When Murkowski made Palin the $122,400 chairwoman of the OGCC, one of her jobs was to oversee commission ethics, meaning she was charged with reporting any possible ethics violations by staff or commission members to the governor's office. By her own account, she first did that in September 2003, reaching out to a top Murkowski staffer about Ruedrich. But what she complained about then, according to a source familiar with these conversations, was Ruedrich's party business on state time. She said nothing about his blatant championing of a methane-drilling project by a company called Evergreen Resources—even though she'd witnessed it herself at a standing-room-only community meeting in August. Palin and Ruedrich went to the meeting because the commission had oversight powers over the drilling, and homeowners in the Wasilla area where she was once mayor were up in arms over the effects they feared it would have on their property and drinking water.
Chris Whittington-Evans, chair of the citizens' group that helped organize the meeting, says that Ruedrich presented a slideshow very similar to one the company itself had presented at any earlier session. Palin remained quiet through most of the meeting, though Evans recalls that she was questioned about a possible conflict of interest she might have. Palin was then chairing the campaign committee of a pro-Evergreen candidate for Borough Mayor of Mat-Su, the county that includes Wasilla. The candidate, Charlie Fannon, her former police chief, had taken $2,500 in donations from three Evergreen executives and a consultant, though community outrage eventually forced him to return some of the money. Ruedrich had given Fannon $500.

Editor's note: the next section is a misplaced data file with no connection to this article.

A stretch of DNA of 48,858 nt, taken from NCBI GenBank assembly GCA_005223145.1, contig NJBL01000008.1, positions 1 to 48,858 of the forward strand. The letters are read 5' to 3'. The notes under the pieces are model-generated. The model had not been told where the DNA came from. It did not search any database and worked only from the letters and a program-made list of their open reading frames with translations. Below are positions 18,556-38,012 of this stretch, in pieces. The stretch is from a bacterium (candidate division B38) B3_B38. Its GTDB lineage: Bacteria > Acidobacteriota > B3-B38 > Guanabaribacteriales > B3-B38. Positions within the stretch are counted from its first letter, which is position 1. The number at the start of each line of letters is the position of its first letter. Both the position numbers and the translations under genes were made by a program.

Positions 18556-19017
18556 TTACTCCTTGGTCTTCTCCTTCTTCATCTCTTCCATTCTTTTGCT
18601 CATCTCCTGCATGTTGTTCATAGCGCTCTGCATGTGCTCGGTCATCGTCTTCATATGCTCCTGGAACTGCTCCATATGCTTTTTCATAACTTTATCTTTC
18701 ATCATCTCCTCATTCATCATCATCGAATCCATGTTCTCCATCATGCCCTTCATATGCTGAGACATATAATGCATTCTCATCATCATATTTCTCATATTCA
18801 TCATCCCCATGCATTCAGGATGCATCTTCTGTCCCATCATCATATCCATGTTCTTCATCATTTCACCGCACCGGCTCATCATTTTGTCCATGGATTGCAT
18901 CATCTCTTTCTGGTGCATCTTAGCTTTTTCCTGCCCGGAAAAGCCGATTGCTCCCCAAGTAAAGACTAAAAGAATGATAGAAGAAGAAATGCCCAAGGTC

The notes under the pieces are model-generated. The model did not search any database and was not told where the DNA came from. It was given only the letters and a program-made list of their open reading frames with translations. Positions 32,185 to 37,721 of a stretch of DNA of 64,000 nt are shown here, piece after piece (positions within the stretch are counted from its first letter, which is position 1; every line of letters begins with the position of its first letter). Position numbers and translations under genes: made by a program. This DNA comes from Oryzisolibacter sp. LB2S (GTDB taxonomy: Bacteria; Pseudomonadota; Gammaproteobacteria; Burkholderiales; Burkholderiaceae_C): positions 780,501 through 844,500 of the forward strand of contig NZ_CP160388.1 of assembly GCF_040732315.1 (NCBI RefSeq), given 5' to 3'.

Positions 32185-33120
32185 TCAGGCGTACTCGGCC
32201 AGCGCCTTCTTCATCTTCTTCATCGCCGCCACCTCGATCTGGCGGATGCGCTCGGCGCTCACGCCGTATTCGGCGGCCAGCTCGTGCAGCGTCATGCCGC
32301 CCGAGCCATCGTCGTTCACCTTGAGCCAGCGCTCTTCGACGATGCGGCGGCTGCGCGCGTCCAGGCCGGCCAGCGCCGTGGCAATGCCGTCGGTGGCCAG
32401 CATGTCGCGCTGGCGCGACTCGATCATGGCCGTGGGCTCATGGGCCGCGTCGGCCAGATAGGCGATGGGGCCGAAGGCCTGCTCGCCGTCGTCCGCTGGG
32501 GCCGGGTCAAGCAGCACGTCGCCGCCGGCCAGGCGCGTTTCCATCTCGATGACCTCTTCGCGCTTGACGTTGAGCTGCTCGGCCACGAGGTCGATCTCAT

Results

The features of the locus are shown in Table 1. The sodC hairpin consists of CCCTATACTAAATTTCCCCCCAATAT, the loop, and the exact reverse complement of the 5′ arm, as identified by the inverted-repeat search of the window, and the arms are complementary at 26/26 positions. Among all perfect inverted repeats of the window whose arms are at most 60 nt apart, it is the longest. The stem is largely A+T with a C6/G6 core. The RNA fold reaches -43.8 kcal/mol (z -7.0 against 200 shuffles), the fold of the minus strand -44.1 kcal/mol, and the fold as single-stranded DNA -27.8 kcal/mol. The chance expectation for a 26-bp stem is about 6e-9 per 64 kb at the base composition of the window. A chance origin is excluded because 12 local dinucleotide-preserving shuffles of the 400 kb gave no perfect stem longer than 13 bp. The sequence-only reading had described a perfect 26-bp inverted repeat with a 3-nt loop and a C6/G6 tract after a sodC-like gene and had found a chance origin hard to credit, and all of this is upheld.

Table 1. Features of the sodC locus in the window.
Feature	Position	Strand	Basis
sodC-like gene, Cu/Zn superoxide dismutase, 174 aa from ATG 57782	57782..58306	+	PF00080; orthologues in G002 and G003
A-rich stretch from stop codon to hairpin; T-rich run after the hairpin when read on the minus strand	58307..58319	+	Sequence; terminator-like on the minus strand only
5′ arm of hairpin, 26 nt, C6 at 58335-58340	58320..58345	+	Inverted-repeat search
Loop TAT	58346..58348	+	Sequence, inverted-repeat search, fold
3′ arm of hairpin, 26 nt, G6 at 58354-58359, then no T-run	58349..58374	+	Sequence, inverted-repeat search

The same three executives had also just given $1,747 to Palin's 2002 campaign for lieutenant governor. In fact, with the low campaign-finance limits in Alaska, Evergreen was the second-largest giver to both Palin and Fannon. While still mayor, Palin had backed an Evergreen-designed bill that allowed the state to override local objections to the drilling and permitted an ordinance—introduced by her closest ally on the city council authorizing methane extraction—to become law. But the focus of the question at the community meeting was Fannon. Palin had asked Fannon to run and had filmed an ad for him. He was the only candidate she'd ever contributed to—and her father contributed as well. Evans says he found it odd when she insisted that there was no conflict between backing "a big promoter of methane-drilling" and sitting in judgment on the project.
That's what Tim Anderson, the Borough Mayor who beat Fannon and opposed the drilling, says now as well: "You could say that it was a conflict of interest" for Palin to be on the commission and supporting Fannon. Anderson was also at the August meeting and says that Palin sat up front with Ruedrich and Evergreen. "They were trying to convince the people that drilling underneath their homes wasn't a big problem." Fannon's narrow loss to Anderson, wrote the local newspaper The Frontiersman, confirmed the political potency of the methane issue. In early November, Evans sent Palin an e-mail detailing the case against Ruedrich and demanding that he be fired from the commission. Palin finally acted, forwarding the Evans e-mail to the state's attorney general. Two days later, Ruedrich resigned.